Hi Ken Kousen. First of all, congratulation for the book, seems to be very interesting.
Nowadays people are working more often with streams, but what about the performance implications, sometimes I heard that use a for-loop has better performance (memory and speed) than use streams, there are some useful guidelines to know when use stream and when avoid them that you could share?
I have an example in the book that deals with that, taken from a similar example in "Java 8 in Action" (which is being revised to be Java 8 and 9 in Action). In my example, I use the JMH profiling tool to evaluate the performance of methods that sum the first 10 million long values.
In one method, I simply add the longs in a loop. In another, I use a LongStream with a range and a sum method. Then I make that (sequential by default) stream parallel. Then I do the sum in the most inefficient way possible, by using a Stream<Long> with an iterate method and a reduce, and finally I do the same thing in parallel.
The results are that the sequential LongStream sum is even faster than the simple loop, though the difference is speed is probably not significant. Making it parallel doesn't help, but mostly because summing primitives is, as the kids used to say, wicked fast already. By contrast, summing the Stream<Long> is much, much slower, on the order of about 10 to 15 times. Making that one parallel actually makes the performance worse, mostly because using iterate with a limit is not an easy structure for the system to partition. The bottom line is that as long as you don't do something silly, like using a stream of wrapped values where a primitive stream is available, the performance is about the same as a regular loop. So go ahead and use streams to write your code, and then you can experiment with parallelization afterwards.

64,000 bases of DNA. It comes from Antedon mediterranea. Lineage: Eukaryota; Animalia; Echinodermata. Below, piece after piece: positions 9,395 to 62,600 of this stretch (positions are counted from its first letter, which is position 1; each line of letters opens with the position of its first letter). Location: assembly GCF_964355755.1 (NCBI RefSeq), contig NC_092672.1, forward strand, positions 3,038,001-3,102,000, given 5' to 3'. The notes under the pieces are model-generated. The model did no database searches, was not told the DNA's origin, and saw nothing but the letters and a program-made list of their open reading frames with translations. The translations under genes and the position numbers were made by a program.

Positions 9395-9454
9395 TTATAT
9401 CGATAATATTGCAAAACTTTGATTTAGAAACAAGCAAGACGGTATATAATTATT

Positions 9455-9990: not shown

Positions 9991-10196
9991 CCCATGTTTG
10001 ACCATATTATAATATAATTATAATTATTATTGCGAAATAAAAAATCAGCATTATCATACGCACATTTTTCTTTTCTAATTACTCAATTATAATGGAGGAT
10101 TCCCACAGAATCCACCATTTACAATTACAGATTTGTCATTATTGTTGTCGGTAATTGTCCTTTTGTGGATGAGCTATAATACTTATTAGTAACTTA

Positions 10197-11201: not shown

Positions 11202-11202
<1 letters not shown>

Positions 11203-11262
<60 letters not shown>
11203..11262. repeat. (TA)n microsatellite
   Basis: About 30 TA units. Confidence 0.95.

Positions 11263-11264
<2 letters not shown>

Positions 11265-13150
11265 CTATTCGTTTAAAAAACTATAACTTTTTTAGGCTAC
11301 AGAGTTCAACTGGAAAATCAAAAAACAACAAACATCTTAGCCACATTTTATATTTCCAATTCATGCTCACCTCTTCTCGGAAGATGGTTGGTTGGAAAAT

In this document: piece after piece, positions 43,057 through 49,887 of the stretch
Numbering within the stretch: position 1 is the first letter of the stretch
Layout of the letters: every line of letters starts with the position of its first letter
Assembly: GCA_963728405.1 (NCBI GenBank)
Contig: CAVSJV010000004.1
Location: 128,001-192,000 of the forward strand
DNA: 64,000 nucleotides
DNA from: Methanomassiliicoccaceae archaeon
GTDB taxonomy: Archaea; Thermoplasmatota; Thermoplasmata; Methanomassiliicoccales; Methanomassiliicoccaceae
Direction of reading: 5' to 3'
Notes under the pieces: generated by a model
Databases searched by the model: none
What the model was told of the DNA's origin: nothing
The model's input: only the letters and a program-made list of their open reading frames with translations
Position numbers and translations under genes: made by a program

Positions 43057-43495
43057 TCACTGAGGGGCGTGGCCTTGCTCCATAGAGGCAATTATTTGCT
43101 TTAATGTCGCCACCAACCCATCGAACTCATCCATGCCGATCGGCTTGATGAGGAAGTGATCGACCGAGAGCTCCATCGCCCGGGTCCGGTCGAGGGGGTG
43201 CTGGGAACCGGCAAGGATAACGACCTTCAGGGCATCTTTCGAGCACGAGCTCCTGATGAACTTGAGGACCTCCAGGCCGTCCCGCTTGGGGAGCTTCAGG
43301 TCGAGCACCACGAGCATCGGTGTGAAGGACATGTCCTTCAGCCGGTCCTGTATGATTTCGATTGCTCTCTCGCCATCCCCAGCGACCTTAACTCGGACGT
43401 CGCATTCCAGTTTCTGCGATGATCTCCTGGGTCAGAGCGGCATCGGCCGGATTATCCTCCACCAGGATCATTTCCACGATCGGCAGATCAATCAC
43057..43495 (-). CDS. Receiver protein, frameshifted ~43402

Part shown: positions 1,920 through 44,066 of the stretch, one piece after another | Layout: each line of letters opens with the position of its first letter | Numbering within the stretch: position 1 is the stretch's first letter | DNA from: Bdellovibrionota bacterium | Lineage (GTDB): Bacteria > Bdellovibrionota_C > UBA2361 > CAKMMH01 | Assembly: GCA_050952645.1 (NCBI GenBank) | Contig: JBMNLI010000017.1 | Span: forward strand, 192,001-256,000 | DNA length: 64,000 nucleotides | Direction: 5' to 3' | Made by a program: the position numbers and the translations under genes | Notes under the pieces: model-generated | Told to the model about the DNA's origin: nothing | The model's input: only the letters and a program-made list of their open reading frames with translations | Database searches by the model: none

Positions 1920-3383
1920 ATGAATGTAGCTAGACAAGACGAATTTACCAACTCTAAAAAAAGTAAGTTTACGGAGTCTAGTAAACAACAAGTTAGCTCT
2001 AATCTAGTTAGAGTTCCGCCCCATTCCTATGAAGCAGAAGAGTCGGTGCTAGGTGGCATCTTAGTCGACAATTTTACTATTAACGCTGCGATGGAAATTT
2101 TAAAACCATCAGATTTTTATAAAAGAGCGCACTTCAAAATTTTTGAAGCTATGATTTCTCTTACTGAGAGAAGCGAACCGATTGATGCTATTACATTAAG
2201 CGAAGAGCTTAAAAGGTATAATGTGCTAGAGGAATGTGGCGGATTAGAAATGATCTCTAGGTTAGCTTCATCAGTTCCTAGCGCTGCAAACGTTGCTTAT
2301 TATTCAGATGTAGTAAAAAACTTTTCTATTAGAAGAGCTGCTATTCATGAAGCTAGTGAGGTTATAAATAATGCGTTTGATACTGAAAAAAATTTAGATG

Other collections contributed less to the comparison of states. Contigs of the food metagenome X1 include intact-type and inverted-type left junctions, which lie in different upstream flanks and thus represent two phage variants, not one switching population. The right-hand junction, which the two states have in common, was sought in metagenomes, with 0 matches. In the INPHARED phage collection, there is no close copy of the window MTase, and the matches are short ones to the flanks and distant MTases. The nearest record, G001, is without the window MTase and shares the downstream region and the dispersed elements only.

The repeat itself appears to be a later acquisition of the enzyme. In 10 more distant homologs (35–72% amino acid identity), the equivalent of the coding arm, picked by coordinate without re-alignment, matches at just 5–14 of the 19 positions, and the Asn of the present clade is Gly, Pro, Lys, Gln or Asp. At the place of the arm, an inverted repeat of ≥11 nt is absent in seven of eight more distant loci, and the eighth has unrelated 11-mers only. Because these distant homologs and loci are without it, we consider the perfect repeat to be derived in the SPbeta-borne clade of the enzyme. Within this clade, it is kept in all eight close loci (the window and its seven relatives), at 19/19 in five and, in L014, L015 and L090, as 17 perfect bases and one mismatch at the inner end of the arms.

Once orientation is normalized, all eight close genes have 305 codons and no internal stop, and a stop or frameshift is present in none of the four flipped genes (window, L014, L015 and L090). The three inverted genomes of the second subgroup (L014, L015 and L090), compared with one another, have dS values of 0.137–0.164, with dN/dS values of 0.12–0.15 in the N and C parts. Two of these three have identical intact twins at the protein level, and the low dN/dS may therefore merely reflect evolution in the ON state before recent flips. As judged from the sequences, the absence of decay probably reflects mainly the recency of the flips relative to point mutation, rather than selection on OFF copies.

When is parallelization worth it? The general rules are: you need a stateless, associative operation (like addition), you need either a lot of data or a process that takes a lot of time on each element, and you need a source of data that is easy to partition. If those conditions apply, you're likely to see a benefit that exceeds the cost of splitting the work and joining all the individual results together again.
Trisha Gee (and if you don't know that name, look her up -- she's awesome) has published some studies that show similar results. As Brian Goetz likes to say, parallelization is an optimization. Get your code working sequentially first, and then see what you can do in parallel. The streams in Java 8 have been optimized enough to make it worthwhile to write your code that way and then try to optimize.
I used three separate GitHub repos for the book: the "java_8_recipes" one just mentioned, a similar one called "java_9_recipes" for the Java 9 stuff, and one called "cfboxscores" for the larger CompletableFuture example I did. That last one involves downloading MLB boxscore data for all the games played on a range of dates concurrently and then post-processing them in various ways.
Anyone is of course welcome to anything in the repositories, whether you actually buy the book or not.